Hello Dr. Laura,
My mother and father were married until I was seventeen years old, but it was anything other than happy. My mother came from a third world country where she had to drop out of school to support her family. She and my father met when he was a naive 19-year-old in the Air Force and she was just sixteen. She got pregnant with my sister, had me a year and a half later, then moved from her home country to the United States.
In some ways I can't blame my mother for her negligence because coming from a poverty-stricken country to the U.S. is like a serf suddenly becoming queen. She had everything at her disposal, and unfortunately that included our family funds which she had full access to for her gambling purposes. I remember her never being there. There are pictures and videos of mine and my sister's birthday parties where she wasn't even present. I remember taking family trips without her. Oh, and also she was addicted to prescription medication throughout my childhood, as well.
However, I can blame her for calling me and asking me for money (which she hasn't done in recent years because I outright tell her, "No"). I can blame her for attempting to guilt me for moving into our house. She also claimed her new husband was abusing her which I know that to be an egregious falsehood. And I can blame her for forgetting to call me on my birthday but expects everyone to make a big deal out of hers.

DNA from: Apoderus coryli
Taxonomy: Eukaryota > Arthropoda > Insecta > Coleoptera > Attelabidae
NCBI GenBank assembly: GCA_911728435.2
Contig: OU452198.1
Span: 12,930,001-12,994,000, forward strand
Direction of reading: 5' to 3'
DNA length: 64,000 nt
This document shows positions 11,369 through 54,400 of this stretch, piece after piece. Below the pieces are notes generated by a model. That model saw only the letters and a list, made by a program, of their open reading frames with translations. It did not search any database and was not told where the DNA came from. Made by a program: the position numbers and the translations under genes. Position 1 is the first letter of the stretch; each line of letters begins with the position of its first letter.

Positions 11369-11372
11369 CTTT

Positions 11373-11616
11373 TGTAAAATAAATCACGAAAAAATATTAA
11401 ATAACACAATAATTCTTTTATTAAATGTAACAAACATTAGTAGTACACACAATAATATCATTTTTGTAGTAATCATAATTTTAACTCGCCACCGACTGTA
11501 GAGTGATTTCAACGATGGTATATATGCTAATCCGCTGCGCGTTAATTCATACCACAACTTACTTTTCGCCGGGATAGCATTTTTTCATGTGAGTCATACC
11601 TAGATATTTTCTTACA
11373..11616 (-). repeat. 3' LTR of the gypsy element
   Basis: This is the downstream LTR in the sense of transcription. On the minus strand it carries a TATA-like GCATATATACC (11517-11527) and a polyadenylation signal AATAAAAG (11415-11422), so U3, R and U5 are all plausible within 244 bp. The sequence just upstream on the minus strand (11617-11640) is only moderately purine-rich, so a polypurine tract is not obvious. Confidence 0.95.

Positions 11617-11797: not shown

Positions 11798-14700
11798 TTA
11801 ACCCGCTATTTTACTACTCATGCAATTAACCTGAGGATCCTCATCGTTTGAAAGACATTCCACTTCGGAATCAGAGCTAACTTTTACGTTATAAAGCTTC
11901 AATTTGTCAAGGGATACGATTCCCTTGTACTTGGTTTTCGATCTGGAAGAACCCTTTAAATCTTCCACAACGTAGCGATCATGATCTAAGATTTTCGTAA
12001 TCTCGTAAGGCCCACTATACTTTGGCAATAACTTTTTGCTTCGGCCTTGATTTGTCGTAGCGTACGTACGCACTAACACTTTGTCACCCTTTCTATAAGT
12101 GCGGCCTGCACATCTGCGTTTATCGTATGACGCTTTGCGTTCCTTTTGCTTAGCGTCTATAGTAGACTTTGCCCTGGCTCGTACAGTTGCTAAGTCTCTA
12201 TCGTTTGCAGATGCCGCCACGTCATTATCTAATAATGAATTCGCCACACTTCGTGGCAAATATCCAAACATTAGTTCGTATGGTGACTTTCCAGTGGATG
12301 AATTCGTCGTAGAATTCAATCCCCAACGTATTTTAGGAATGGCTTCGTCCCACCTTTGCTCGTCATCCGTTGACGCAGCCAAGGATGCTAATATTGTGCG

I really don't have any excuse for not remembering her birthday since it is always near Mother's Day, but I honestly had forgotten it this year until my aunt, (my mother's sister) called me and reminded me. So, I can also blame her for calling other family members to try to make me feel guilty, too.
All that being said, the biblical phrase, "You reap what you sow..." comes to mind regarding her. I'm only giving back what she put in. If she made a bigger impact on my life maybe I wouldn't forget her birthday. She could start by remembering mine after 28 years.
There is a happy ending! I am married to a wonderful, hardworking, fine specimen of a man who helped give us 2 beautiful children. The silver lining is worth it all!
I have another woman (besides you) that I will be giving flowers, a card, and wishing Happy Mother's Day who has made a great impact on my life. And I fully expect the same from my children because I genuinely love them and want the best for them. The only way to make that happen is by making a huge impact in their lives, which I am and fully intend on doing.